Learning to Love

Learning to Love

Sometimes growth means falling apart at the seams. Last week I had a precious opportunity to grow– and confront myself. I leaned on people in a way I never have before. I let people in and shared my vulnerable process with them. It was unfamiliar and scary. And it helped. It was about learning to love myself even when I felt like shit.

My deepest, most painful issue was triggered and I felt rejected, excluded, unloved. But because of circumstances—I was teaching at New Life Foundation in Chiang Rai, Thailand for a couple of weeks–I was able to stay with the process. Rather than going into habitual patterns of avoiding feelings of self-doubt and insecurity, I instead took refuge in the community. I took refuge in the schedule, structure, rhythm, the opportunity to receive support instead of being a caregiver. I sought companionship and open-hearted dialogue with others who were also in the process of being with their suffering in a clean way. Clean and direct. And because I was able to do that, I was able to do three things with my experience:

  • Tolerate it. I could tolerate the pain because there was a safe container and people who could be there while I went through my experience. I was able to access the feelings without acting out or repressing them. I didn’t have to pretend things were fine.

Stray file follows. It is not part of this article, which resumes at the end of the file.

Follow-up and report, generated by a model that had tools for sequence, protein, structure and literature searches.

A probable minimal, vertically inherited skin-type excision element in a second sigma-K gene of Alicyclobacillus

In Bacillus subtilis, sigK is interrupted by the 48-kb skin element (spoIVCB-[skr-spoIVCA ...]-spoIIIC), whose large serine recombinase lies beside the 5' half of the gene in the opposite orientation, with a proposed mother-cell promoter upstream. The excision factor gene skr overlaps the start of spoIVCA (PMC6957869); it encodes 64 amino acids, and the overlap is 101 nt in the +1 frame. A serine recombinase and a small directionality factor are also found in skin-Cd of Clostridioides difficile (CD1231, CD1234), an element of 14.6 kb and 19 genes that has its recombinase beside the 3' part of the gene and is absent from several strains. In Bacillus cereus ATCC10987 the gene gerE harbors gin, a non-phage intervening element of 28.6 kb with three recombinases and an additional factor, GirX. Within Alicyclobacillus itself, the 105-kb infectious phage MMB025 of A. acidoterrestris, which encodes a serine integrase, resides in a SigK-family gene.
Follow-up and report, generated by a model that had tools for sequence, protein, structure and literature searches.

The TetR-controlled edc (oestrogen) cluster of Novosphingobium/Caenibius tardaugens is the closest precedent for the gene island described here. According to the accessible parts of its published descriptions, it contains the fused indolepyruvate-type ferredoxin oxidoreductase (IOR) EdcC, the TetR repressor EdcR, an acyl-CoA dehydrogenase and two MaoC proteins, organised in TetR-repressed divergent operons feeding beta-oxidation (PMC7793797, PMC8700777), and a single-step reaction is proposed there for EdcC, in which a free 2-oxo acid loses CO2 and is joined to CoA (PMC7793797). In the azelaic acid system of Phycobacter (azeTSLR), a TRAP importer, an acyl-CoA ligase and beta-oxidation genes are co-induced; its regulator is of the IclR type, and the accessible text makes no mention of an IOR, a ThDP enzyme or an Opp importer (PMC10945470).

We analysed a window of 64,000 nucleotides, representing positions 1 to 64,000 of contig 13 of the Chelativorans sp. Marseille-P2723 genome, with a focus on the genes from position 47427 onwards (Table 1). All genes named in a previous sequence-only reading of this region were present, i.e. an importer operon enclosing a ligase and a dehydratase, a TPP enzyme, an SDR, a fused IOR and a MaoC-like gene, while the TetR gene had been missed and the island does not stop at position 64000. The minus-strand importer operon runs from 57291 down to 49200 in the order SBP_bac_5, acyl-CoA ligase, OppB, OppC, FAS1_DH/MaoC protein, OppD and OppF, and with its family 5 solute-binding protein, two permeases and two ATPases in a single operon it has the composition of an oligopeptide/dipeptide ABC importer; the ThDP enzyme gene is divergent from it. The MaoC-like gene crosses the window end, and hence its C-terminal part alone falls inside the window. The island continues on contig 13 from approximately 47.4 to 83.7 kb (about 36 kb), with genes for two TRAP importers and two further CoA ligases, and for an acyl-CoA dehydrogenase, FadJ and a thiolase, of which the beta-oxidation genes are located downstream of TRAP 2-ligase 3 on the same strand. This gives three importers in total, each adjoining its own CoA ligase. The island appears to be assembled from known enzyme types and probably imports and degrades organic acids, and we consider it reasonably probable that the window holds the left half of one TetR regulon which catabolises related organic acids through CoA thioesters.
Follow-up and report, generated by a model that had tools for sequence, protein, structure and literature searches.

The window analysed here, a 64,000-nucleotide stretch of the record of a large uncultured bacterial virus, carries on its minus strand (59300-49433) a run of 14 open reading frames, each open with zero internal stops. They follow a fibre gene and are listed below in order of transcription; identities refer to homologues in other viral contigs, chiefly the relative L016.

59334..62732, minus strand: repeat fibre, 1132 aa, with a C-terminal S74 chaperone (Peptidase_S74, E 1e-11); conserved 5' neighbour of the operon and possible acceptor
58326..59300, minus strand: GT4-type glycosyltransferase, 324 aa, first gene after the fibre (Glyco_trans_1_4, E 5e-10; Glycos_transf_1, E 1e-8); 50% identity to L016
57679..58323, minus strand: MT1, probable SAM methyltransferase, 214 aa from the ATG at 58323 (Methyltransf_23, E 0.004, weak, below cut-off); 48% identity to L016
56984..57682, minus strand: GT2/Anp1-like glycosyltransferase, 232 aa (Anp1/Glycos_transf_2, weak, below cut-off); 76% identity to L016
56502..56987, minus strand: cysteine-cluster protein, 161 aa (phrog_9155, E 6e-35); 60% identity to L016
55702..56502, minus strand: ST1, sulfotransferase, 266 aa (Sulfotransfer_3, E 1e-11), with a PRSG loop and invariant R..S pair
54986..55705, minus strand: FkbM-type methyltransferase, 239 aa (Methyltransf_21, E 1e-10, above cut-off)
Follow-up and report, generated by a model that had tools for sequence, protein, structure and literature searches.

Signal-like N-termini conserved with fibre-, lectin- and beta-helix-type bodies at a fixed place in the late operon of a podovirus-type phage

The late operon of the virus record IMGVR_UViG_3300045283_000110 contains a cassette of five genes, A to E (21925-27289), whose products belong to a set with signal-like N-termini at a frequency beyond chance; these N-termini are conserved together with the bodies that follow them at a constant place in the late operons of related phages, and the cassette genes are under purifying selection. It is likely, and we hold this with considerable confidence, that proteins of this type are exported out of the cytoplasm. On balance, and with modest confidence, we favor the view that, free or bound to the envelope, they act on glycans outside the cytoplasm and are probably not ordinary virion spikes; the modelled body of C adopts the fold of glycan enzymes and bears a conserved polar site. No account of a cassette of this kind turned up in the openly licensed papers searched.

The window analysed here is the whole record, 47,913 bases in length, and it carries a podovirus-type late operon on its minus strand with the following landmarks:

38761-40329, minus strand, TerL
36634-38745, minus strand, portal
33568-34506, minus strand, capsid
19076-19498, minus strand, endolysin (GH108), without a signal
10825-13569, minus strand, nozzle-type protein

• Accept it. The group accepted me, which allowed me to see that I am ok just as I am, flaws and all. It’s good to remember that this process—life—consists of continual evolution. This means constant re-evalutation, adjustment and letting go.
  • Learn from it. It’s humbling to admit that despite all the work and practice I’ve done, I still have huge blind spots. Though I’d like to believe I mostly have my shit together, the truth is I still have work to do. Even though I am still not able to see what is in those blind spots, I am aware of them. So I now know where some of my work lies. I see how I doubt myself. How I don’t listen to my intuition when it conflicts with an expected outcome. How I avoid feelings when they are too difficult or not in line with my desires. I see how I manipulate, and try to create my experience based on patterns of denial and how I react when things don’t go according to my plan. It’s not very pretty. But at least I can now see how I create the very situation I try to avoid.